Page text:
During a network outage, applications may indefinitely wait for a reply and continually consume application resources. Failure to retry the operations when the network becomes available can also lead to application degradation. If API calls to a database or an external service time-out due to network issues, repeated calls with no circuit breaker can affect cost and performance.

The circuit breaker pattern

There is a circuit breaker object that routes the calls from the caller to the callee in the circuit breaker pattern. For example, in an ecommerce application, the order service can call the payment service to collect the payments. When there are no failures, the order service routes all calls to the payment service by the circuit breaker:

Circuit breaker with no failures

Circuit breaker with no failures

If the payment service times out, the circuit breaker can detect the timeout and track the failure. If the timeouts exceed a specified threshold, the application opens the circuit:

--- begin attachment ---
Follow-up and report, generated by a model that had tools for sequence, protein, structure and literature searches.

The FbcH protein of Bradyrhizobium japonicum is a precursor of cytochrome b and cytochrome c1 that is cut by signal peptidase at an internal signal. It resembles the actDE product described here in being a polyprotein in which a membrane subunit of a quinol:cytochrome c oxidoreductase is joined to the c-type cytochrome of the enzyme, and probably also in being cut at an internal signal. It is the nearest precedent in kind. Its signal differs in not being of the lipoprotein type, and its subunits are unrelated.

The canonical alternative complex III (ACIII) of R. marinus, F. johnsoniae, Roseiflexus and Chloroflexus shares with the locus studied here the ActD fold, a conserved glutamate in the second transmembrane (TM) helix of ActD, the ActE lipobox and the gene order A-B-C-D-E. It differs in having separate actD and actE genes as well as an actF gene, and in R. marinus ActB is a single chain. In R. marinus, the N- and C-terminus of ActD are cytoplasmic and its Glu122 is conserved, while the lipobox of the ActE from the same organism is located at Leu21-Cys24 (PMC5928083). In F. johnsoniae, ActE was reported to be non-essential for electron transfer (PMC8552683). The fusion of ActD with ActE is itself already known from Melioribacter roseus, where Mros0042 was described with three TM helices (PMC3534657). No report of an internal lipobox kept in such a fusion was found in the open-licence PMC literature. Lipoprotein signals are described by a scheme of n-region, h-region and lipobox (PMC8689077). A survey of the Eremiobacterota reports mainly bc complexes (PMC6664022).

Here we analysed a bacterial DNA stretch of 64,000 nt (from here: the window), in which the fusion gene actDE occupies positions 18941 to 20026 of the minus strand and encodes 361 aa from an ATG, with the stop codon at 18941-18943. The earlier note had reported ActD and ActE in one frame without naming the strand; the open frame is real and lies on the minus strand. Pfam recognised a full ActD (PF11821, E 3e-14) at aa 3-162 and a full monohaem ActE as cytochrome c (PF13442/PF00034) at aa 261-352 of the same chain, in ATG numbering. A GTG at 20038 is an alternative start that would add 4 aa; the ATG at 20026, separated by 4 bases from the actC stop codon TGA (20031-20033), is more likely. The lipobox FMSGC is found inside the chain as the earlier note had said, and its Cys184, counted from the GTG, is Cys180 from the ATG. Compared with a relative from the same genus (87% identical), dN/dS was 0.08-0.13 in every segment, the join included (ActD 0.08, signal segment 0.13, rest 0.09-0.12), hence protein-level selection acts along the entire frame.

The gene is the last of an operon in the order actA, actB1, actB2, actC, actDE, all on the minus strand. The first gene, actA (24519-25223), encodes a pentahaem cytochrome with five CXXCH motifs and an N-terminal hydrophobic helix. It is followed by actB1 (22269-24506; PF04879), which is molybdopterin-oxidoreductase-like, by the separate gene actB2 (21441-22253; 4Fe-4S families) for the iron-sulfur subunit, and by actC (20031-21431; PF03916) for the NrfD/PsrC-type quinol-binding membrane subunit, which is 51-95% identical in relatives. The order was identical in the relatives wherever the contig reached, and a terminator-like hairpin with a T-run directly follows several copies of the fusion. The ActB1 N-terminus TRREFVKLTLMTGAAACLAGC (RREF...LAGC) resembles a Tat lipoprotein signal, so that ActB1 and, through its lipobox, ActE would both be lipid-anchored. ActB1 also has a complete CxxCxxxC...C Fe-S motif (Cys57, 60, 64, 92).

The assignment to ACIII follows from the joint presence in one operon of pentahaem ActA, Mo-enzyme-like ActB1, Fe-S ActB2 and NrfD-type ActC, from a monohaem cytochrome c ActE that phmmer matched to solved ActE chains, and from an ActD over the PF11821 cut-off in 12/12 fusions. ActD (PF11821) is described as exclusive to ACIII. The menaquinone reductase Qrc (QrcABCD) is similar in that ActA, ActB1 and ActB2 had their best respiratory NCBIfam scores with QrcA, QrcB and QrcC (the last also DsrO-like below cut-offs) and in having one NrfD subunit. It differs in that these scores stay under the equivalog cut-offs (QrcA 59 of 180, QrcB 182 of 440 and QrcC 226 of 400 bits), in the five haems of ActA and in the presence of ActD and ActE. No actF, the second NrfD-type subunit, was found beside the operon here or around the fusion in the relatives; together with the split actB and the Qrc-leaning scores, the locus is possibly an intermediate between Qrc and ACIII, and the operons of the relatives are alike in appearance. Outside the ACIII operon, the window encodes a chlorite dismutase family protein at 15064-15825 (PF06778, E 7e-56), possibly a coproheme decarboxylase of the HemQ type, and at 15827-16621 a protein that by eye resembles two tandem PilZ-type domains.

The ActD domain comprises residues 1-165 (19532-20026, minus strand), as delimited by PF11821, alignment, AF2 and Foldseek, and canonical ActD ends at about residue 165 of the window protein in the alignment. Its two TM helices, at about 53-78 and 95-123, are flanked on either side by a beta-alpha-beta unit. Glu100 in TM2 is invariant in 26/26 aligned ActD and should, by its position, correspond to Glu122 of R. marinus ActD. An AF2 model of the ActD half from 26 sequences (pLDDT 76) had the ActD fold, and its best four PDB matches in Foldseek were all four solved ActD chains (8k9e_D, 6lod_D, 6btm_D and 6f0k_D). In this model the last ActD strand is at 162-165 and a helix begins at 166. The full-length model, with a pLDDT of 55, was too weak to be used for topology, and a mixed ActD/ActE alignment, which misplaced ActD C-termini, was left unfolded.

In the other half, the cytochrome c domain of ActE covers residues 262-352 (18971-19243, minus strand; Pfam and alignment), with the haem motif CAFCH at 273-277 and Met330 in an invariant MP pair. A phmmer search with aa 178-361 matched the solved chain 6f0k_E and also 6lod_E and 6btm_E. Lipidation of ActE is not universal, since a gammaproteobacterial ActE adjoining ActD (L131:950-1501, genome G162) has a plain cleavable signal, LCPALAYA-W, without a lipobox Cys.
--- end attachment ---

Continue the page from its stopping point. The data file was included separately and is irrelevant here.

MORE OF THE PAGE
Circuit breaker with payment service failure

Circuit breaker with payment service failure

Once the circuit is open, the circuit breaker object does not route the calls to the payment service. It returns an immediate failure when the order service calls the payment service:

Circuit breaker stops routing to payment service

Circuit breaker stops routing to payment service

The circuit breaker object periodically tries to see if the calls to the payment service are successful:

Circuit breaker retries payment service

Circuit breaker retries payment service